March 3-4, 2003 Monday and Tuesday night windows were completed with overcast skies again at Poker and nearly all the remote sites. Monday night brought conditions suitable for a Mark Conde HEX launch with a stable arc located in the region between Fort Yukon and Arctic Village, but the remote camera sites were not clear enough to support a launch. The conditions on Tuesday were more suitable for a JOULE launch although the heating was weak, the radar echoes were weak, and the skies were mostly overcast.
March 5-6, 2003 The windows on Wednesday and Thursday night did not bring the clear skies that were promised earlier by the meteorologists. The weather improved, and we had a number of situations with one clear and one marginal site, but the pervasive stable weather has still not materialized. Making things worse is the fact that the change in the weather has brought strong winds from the north which have played havoc with the wind weighting. On Wednesday night, HEX and JOULE were taking turns being out for winds. Last night both were out for winds all night with predicted booster impacts near the dredge located across the road from the Chatanika Lodge and then later on the road itself. The magnetic activity was good on both nights with opportunities for both HEX and JOULE to launch if the weather had cooperated.
March 7-8, 2003 Miguel Larsen wasn't able to launch JOULE on either Friday or Saturday, which were the last nights of the window, again due to weather conditions.
March 20, 2003 The second window for JOULE was scheduled to start on the evening on March 20, 2003.
March 27, 2003 Conditions tonight were very active throughout the night with a series of substorms and good radar echoes throughout most of the night. We had a number of evens that had the ingredients needed for JOULE, i.e., heating, structure, and radar echoes, but not all of them at the same time. Finally at 03:15 LT [12:15 UT] we launched into a nice substorm event with good echoes seen by both the SuperDARN radars and our radar, and with a number of arcs located along the trajectory between Poker Flat and Fort Yukon. The magnetometer deflections at Poker and Fort Yukon were 350 to 400 gamma. I believe that the data set will provide an excellent case study for assessing the effect of small scale structure on the overall heating rates.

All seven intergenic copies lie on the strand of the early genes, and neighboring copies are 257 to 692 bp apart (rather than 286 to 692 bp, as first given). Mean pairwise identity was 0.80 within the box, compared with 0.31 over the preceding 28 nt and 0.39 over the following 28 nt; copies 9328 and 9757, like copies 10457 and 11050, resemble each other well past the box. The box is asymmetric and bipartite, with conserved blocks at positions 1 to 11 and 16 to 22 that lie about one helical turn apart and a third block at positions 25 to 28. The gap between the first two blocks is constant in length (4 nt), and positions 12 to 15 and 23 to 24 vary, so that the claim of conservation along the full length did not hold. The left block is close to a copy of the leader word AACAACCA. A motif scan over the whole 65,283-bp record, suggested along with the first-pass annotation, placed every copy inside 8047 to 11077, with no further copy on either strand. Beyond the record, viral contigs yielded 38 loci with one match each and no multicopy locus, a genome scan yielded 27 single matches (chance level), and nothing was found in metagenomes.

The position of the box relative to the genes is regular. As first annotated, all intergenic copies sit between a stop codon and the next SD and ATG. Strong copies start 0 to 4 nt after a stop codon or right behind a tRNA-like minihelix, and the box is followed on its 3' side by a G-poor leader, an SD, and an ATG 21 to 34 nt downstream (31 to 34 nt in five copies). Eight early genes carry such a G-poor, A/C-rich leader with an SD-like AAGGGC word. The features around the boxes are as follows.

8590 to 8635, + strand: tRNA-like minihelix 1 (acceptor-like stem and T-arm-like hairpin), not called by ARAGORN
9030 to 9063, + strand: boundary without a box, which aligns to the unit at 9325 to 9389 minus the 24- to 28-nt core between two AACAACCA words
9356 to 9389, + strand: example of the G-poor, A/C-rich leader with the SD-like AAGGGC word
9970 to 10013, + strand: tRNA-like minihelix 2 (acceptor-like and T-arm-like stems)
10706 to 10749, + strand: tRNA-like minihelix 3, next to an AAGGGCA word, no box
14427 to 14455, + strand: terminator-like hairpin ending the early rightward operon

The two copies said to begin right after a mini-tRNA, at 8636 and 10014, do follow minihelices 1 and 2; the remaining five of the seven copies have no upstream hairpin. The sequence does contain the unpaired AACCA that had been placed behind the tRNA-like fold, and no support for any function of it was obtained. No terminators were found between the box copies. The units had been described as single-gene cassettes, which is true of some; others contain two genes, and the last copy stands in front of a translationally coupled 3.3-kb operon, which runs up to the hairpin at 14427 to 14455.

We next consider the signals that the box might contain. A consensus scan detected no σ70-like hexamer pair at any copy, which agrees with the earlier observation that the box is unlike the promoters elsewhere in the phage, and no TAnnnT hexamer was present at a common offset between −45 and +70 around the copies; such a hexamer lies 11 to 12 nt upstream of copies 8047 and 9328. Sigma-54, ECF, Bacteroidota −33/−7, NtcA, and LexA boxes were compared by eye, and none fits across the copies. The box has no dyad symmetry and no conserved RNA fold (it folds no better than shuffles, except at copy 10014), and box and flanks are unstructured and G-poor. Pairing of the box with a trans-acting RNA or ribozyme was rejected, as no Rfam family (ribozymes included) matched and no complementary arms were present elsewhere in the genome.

The preliminary indications are that all the instruments worked well. The second TMA rocket was nominal. Unfortunately there was a malfunction on the first TMA rocket which at present is not understood but which resulted in neither an upleg nor a downleg trail being released.

Not having the TMA data along the northern trajectory is obviously detrimental to the experiment, but since the second TMA rocket was launched within a minute of the second instrumented rocket and three minutes after the first instrumented rocket, the winds that we did measure should be fairly representative.

SII-Related Publications

GEM/CEDAR Workshop, High-resolution Ion Drift Measurements from the JOULE Sounding Rocket Mission, L Sangalli, D Knudsen, J Burchill, R Pfaff, J Clemmons, M Larsen, C Steigies, Santa Fe, NM, June 27 2005.

IUGG/IAGA International Conference, High-resolution Ion Drift Measurements from the JOULE Sounding Rocket Mission, L Sangalli, D Knudsen, J Burchill, R Pfaff, J Clemmons, M Larsen, C Steigies, Toulouse, France, July 2005.

CAP/DASP Meeting, High-resolution Ion Drift Measurements from the JOULE Sounding Rocket Mission, L Sangalli, D Knudsen, J Burchill, R Pfaff, J Clemmons, M Larsen, C Steigies, Edmonton, February 2005.

Fall Meeting of the American Geophysical Union, San Francisco, CA, High-resolution Ion Drift Measurements from the JOULE Sounding Rocket Mission, L. Sangalli, D. Knudsen, J. Burchill, R. Pfaff, J. Clemmons, M. Larsen, C. Steigies, December 16, 2004.

Sangalli, L., Sounding Rocket Probing of the Ionospheric Collisional Transition Region, PhD thesis, University of Calgary, April 2009.